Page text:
Braun was hitting .320 with eight home runs and 26 RBI at the beginning of June before his painful nerve issue reappeared in his right hand. He tried to play through the injury, as the Brewers explored numerous different treatment options. Rest would only temporarily help, as the nerve would quickly flare back up.
The second half of 2014 was the worst stretch of Braun’s career, as he batted .226 with eight home runs and 29 RBI after the break. He was particularly ineffective in September, as he hit just .210 with a home run, five RBI and a .603 OPS. It is hard to say if he would have carried the Brewers to the playoffs, but a healthy Braun would have made a significant difference as Milwaukee’s offense fell apart down the stretch.
Gomez followed up his breakout 2013 campaign with another impressive season in 2014. He led the Brewers in runs (95), home runs (23), total bases (274), slugging percentage (.477) and stolen bases (34). The 29-year-old made his second straight All-Star Game and was the only player in baseball with at least 20 home runs and at least 30 stolen bases.
While his defense slipped a bit from his Gold Glove season of 2013, Gomez was still one of the best defensive center fielders in baseball. His defensive runs saved dropped from a jaw-dropping 38 in 2013 to just 2 in 2014, while his Ultimate Zone Rating fell from 27.2 to 7.0.
In his first full season in the big leagues, Davis flashed power but also lacked plate discipline. He finished tied for 10th in the National League in extra-base hits with 61, but 40 of those came during the first half of the season. After posting a .392 on-base percentage in the minor leagues, Davis reached base at just a .299 clip in 2014.
Davis was just fine at chasing and catching balls in left field, but his throwing arm was a liability to the Brewers.
With Logan Schafer struggling as the team’s fourth outfielder, Milwaukee made a trade at the deadline to acquire Gerardo Parra from the Arizona Diamondbacks. The two-time Gold Glover started 28 games with the Brewers, oftentimes entering games he didn’t start as a defensive replacement for Davis.
With four outfielders capable of starting, the Brewers have the potential to have one of the deepest outfields in baseball. But that doesn’t mean there aren’t questions.
Braun underwent a cryotherapy procedure on the ailing nerve in his right thumb in the offseason. While all reports have been positive to this point, Braun and the Brewers know the true test is how the thumb holds up over the course of the season. If healthy, the 31-year-old remains confident he can still be the dominant offensive player the Brewers need in the middle of their lineup.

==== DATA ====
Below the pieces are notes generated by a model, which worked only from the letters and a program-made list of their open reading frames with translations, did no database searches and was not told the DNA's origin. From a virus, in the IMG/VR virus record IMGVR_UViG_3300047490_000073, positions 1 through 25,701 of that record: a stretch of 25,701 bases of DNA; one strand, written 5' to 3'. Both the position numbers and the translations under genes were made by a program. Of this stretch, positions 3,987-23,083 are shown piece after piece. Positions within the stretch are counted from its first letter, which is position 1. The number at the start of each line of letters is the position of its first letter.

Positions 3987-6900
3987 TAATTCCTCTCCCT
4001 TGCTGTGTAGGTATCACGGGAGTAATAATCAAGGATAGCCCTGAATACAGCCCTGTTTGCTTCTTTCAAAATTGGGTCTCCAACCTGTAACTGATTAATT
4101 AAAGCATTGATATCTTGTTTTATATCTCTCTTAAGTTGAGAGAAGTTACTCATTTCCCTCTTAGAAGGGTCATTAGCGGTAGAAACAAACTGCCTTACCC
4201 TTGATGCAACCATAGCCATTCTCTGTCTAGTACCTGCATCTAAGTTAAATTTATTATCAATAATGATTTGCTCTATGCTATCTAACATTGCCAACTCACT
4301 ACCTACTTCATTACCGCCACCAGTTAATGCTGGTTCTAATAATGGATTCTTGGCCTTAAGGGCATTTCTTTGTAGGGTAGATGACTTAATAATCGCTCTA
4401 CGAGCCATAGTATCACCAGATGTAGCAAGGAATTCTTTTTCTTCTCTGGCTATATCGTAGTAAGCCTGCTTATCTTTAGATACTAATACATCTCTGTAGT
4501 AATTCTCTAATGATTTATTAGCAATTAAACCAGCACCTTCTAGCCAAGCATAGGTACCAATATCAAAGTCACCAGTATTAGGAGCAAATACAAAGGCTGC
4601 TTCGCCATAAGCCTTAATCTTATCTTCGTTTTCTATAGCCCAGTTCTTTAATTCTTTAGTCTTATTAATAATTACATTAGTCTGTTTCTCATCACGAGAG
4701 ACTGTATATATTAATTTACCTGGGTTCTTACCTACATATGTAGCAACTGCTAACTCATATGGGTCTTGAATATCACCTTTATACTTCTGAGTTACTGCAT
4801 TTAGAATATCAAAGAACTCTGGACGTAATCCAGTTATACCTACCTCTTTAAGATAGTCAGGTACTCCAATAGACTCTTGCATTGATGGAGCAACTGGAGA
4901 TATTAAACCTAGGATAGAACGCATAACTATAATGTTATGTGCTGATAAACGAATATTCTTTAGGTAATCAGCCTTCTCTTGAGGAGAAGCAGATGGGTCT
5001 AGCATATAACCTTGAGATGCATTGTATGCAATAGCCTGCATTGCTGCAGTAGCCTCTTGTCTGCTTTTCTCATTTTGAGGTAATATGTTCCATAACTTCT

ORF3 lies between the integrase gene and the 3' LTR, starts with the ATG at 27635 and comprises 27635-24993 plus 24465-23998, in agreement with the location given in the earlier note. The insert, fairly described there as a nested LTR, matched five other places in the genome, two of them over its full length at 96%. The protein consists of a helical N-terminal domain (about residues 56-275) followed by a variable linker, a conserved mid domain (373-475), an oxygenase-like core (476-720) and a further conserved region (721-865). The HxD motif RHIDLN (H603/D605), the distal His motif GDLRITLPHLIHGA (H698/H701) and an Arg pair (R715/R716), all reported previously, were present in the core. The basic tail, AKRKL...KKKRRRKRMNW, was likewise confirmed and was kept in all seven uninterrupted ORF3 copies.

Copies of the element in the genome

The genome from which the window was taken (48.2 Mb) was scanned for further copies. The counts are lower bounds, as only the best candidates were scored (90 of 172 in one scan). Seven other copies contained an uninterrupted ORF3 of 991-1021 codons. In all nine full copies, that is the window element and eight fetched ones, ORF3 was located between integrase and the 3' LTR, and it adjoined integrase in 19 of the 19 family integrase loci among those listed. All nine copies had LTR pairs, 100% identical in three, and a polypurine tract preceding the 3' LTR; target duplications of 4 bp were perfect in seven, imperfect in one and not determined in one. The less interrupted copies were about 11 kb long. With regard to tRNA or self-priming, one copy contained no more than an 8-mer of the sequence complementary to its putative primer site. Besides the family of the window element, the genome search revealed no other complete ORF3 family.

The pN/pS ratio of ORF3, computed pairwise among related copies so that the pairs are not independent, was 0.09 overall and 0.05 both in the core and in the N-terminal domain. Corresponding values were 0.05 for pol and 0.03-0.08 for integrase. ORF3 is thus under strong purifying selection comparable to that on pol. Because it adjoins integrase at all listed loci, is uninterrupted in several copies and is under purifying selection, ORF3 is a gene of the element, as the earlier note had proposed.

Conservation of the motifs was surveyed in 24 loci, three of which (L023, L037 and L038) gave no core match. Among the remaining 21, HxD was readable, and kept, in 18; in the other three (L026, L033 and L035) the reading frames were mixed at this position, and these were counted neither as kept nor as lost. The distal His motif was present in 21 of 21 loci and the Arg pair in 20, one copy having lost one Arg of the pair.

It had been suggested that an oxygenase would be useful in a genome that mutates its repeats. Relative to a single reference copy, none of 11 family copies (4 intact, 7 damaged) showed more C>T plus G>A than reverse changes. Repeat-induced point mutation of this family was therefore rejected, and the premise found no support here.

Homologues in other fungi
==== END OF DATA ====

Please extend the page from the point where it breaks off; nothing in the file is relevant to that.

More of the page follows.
Milwaukee owes $103 million to Braun over the next five seasons. The Brewers are counting on the former MVP returning to the player that averaged a batting average over .313 with 34 home runs and 107 RBI over the first six years of his career.
The one outfield spot in which the Brewers don’t have any questions is center field. Gomez has produced back-to-back MVP-like seasons and there’s no reason to expect a dip in 2015.
Davis is considered Milwaukee’s starting left fielder, but Parra will see his fair share of playing time. Coming off a big spring, Davis has the potential to hit close to 30 home runs if he improves his plate discipline. His throwing arm remains a liability, which will force Roenicke to utilize the double switch quite often.
Parra has been a starting outfielder his entire career. He’ll have to buy into being a backup. That said, Milwaukee will certainly use the fact its fourth outfielder is a two-time Gold Glove winner to its advantage. Parra will be able to spell Braun, Gomez and Davis on any given day.
The Brewers are thought to be down to Schafer or Elian Herrera for their final bench spot. Schafer is an above average defensive outfielder, but he’s a career .209 hitter at the big-league level. Herrera is primarily an infielder, but he can play all three outfield spots in a pinch.
KEY TO SUCCESS
The Brewers are surrounded by question marks, but none is bigger than Braun’s thumb. Last year, Braun was just another guy. Milwaukee needs him to be a superstar. The thumb must stay healthy in order for that to have a chance at happening.
THEY SAID IT
"I’ve always felt like as long as I’m healthy, success is inevitable. The better I play the more I am going to help the team. I expect to go out there and be one of the best players in the league." — Braun